ROCKFORD — The Rockford Public Library is hosting its first Drag Queen Story Hour as part of the city’s Pride celebrations, but some are objecting.
The Rockford Register-Star reported that local residents objected to the event, and may have been unclear on the concept.
From the Rockford Register-Star:
“A big, hairy man scantily dressed as a woman promoting homosexuality and gender confusion … is inappropriate for this age group,” Sandi Ware of Rockford — parent of two preschoolers — said about the Drag Queen Story Hour that’s for children ages 3 to 8. “Most lead bizarre lives as sex entertainers.”
Amy Newburn of South Beloit, a teacher and ballet instructor who has preteen and teenage children, has similar concerns. “What kind of influence are we trying to push on young minds?” The library is a “public place we want to be able to bring our children into. Now we have to be careful what happens at story hour.”
Paul Logli, president of the library board of trustees, said he and other board members at first were “uncertain about the program,” which is being offered for the first time in Rockford and has been held in venues throughout the nation. Trustees learned in May about the story hour that was scheduled by staff. “The title gets your attention,” he said. “But when staff explained to some of us, many — including myself — became more comfortable,” Logli said.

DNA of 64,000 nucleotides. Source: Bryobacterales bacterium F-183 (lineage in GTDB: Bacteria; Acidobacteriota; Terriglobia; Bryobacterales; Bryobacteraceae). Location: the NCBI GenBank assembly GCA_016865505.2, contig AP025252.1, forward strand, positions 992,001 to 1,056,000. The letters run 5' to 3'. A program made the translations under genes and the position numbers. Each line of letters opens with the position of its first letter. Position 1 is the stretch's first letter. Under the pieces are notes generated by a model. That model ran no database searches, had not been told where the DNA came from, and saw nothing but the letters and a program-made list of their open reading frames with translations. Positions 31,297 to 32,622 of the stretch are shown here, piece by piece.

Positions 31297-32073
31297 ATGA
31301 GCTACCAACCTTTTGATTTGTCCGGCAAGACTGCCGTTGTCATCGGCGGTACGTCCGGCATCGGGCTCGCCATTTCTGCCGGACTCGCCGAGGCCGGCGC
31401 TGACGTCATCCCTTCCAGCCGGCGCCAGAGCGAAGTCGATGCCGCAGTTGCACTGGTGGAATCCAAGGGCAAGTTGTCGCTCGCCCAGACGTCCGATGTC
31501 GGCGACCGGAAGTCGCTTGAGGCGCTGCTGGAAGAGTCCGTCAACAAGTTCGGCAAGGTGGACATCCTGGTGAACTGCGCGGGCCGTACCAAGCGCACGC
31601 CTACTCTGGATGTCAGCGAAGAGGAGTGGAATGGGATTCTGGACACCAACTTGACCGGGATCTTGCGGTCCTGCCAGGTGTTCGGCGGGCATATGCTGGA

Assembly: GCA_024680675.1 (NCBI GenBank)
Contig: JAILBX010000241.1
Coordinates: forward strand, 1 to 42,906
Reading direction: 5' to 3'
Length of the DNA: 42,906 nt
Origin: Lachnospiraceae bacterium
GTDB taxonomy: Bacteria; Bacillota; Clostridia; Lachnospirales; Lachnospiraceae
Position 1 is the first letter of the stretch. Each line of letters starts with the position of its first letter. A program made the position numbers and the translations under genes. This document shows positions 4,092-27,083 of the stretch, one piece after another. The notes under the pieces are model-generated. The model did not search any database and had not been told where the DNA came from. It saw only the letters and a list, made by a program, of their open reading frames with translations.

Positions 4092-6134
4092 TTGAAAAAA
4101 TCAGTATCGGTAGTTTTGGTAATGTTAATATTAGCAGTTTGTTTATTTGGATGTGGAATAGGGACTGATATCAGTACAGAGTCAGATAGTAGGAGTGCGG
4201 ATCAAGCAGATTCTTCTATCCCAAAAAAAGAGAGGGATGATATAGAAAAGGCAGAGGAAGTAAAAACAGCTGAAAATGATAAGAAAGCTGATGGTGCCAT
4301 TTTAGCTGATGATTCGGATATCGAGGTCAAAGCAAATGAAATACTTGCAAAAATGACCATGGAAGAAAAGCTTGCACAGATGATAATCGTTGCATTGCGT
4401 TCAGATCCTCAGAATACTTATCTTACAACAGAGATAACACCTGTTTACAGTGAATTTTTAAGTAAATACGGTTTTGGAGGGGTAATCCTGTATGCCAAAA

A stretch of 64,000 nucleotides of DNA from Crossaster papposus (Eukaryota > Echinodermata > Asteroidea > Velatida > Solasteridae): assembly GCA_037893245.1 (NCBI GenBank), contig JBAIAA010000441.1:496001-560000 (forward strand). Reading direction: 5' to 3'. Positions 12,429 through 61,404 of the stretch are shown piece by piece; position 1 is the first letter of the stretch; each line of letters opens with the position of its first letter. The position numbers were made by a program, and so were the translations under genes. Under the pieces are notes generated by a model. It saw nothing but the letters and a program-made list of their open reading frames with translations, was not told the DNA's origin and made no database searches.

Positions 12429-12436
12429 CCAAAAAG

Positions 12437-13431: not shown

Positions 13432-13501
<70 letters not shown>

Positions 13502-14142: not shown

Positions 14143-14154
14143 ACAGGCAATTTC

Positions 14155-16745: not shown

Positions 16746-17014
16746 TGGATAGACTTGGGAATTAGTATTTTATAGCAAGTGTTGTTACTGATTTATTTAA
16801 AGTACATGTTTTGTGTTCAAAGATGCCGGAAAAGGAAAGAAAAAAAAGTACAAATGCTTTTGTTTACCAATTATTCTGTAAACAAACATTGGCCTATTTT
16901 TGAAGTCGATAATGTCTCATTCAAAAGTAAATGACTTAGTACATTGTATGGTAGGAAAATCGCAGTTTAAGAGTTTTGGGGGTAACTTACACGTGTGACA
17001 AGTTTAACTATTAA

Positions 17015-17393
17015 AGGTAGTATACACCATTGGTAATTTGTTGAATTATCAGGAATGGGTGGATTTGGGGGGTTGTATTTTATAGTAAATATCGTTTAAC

Emily Klonicki, assistant library director, said books will be read by Cass Marie Domino, an entertainer from Madison, Wisconsin. Domino was featured a year ago for Drag Queen Story Hour at the Beloit, Wisconsin, public library. “The stories are about individuality and being different; an expression of self, not stories about gender identification,” Klonicki said.
The books to be read during the 45-minute story time on June 22 include: “What’s the Difference? Being Different is Amazing,” by Doyin Richards, and “It’s Okay to be Different,” by Todd Parr.
DQSH is nothing new in Illinois with the event being held on a regular basis in Decatur, Peoria and Chicago.
Phyllis Gallisath, president of Rockford PFLAG, told the newspaper that drag is an art form. “You take your children to plays … to enrich them,” she said. The story hour is no different, she said.
The event is part of Pride celebrations in Rockford, which for the first time declared June Pride Month this year.by